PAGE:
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US Secretary of State John Kerry arrived in the South Sudanese capital of Juba on Friday, the White House has reported.
In Addis Ababa on Thursday, Kerry told African leaders: “With respect to the question of genocide, there are very disturbing leading indicators of the kind of ethnic, tribal, targeted nationalistic killings taking place that raise serious questions.”
Last week, the UN condemned two tit-for-tat attacks which appeared to target members of particular ethnic groups and left hundreds dead.
UN spokesperson Joseph Contreras told the media that members of the Nuer tribe, which largely runs the Sudan People’s Liberation Movement, overran Bentiu, the capital of Unity State in mid-April and then proceeded to a mosque and hospital, where they robbed and killed people seeking sanctuary.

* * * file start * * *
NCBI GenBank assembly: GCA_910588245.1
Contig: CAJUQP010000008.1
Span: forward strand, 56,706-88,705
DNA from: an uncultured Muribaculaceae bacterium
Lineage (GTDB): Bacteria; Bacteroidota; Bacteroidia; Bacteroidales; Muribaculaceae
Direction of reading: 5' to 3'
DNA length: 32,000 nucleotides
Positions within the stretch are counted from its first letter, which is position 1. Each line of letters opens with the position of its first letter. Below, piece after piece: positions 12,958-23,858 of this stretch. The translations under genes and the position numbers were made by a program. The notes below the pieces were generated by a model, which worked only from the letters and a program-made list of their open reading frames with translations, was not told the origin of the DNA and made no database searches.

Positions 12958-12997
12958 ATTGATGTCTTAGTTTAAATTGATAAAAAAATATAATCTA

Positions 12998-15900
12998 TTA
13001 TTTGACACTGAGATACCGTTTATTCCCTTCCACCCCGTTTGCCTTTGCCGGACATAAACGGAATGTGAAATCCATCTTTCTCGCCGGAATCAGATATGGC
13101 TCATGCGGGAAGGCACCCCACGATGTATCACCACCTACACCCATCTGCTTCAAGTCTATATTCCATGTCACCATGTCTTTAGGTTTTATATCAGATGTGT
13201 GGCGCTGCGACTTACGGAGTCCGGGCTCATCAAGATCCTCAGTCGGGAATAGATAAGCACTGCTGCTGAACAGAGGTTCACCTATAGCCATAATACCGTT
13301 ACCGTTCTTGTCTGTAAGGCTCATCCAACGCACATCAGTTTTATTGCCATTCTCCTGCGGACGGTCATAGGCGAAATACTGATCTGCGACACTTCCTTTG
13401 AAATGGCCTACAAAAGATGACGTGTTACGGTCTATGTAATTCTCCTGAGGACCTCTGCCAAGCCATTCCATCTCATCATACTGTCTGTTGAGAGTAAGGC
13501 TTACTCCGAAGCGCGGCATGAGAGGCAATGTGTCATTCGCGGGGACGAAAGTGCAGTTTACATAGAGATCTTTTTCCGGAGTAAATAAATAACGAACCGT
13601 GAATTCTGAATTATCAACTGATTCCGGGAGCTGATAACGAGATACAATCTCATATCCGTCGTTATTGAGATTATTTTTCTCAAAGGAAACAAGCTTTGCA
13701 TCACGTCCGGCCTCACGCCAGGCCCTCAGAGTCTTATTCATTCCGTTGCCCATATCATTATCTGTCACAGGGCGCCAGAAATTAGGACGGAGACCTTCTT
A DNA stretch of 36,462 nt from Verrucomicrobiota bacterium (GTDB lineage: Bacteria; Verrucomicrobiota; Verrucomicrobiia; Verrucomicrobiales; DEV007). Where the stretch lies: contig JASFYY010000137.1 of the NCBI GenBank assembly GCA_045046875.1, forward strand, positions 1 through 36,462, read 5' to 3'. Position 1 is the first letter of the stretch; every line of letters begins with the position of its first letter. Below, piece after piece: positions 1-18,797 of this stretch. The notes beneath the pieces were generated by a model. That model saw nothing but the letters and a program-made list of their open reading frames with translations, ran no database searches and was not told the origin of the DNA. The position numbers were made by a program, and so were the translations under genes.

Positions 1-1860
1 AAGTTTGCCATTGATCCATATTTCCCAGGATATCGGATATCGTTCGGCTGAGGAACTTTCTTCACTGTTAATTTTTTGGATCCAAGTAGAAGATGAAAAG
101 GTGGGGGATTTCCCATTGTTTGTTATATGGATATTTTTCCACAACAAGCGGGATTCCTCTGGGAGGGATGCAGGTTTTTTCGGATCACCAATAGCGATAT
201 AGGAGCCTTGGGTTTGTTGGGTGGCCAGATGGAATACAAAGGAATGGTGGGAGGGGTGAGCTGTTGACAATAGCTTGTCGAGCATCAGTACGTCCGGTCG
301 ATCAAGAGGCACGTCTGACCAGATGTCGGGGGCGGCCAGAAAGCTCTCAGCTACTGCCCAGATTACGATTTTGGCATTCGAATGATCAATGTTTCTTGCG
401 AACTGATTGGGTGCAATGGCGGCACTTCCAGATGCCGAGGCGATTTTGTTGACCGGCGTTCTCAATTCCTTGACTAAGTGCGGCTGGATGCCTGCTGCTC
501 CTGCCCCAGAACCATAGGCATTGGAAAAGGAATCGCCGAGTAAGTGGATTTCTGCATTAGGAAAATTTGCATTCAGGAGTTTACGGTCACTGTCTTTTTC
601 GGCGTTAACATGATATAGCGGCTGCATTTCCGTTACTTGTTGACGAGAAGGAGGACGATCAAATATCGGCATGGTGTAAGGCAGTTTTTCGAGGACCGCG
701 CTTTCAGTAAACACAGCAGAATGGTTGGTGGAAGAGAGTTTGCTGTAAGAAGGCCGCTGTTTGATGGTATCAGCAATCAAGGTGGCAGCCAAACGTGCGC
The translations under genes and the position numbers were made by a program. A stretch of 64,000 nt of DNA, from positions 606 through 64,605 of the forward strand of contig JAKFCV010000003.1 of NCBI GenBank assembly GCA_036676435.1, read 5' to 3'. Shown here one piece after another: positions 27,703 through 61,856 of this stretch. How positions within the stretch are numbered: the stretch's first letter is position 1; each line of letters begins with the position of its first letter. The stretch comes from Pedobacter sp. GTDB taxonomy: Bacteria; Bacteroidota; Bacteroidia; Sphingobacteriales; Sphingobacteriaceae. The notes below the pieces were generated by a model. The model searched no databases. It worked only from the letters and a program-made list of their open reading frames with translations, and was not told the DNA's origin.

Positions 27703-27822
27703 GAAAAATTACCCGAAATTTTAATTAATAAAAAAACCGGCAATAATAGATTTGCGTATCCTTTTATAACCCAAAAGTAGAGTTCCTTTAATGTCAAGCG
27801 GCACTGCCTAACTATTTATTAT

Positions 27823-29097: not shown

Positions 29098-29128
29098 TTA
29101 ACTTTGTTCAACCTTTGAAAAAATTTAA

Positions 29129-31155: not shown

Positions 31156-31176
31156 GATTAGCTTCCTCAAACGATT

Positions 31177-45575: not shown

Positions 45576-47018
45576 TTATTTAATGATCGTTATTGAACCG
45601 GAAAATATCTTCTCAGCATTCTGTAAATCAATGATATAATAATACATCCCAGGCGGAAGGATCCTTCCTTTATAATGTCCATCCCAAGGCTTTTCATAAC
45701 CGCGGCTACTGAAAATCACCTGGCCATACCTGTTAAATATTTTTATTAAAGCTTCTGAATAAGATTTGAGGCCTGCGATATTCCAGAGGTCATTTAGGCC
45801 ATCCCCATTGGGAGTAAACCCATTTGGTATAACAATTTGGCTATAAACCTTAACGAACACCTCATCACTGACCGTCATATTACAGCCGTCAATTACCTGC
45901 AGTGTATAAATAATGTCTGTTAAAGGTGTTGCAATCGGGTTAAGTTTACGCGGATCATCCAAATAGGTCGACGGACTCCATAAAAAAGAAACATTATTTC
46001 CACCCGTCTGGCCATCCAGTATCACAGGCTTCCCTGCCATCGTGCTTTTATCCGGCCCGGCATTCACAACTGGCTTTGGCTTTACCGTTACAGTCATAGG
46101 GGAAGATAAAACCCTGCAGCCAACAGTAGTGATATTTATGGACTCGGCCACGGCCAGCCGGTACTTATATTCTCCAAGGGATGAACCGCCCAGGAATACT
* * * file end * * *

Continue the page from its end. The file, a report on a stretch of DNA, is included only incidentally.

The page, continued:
A day after the attacks in Bentiu, armed militia believed to be members of the Dinka attacked and killed refugees at a UN camp in Bor, the capital of Jonglei.
On Thursday, Kerry told reporters that if such a cycles of revenge killings “continue in the way that they have been going, [they] could really present a very serious challenge to the international community with respect to the question of genocide.”
The Nuer fighters are allied with former Vice-President Riek Machar, who was accused by President Salva Kiir – a member of the Dinka tribe – of orchestrating a coup.
Hostilities erupted when other supporters of the two men, from rival tribes, clashed in the capital Juba, which has since been stabilised by the South Sudan Army loyal to Kiir.
By February, fighting had spread to over 30 towns throughout South Sudan.
Reports emerged that Nuer commanders told their troops to rape non-Nuer women (likely Dinka) during the Bentiu killings and that a radio station was used to encourage fighters to target people based on their ethnicity.
“It’s the first time we’re aware of that a local radio station was broadcasting hate messages encouraging people to engage in atrocities,” said the top UN representative in South Sudan Toby Lanzer after visiting Bentiu.
“And that really accelerates South Sudan’s descent into an even more difficult situation from which it needs to extract itself,” Lanzer told the Associated Press.
He added that the ethnic killings are “game-changers” in the four-month South Sudan civil war.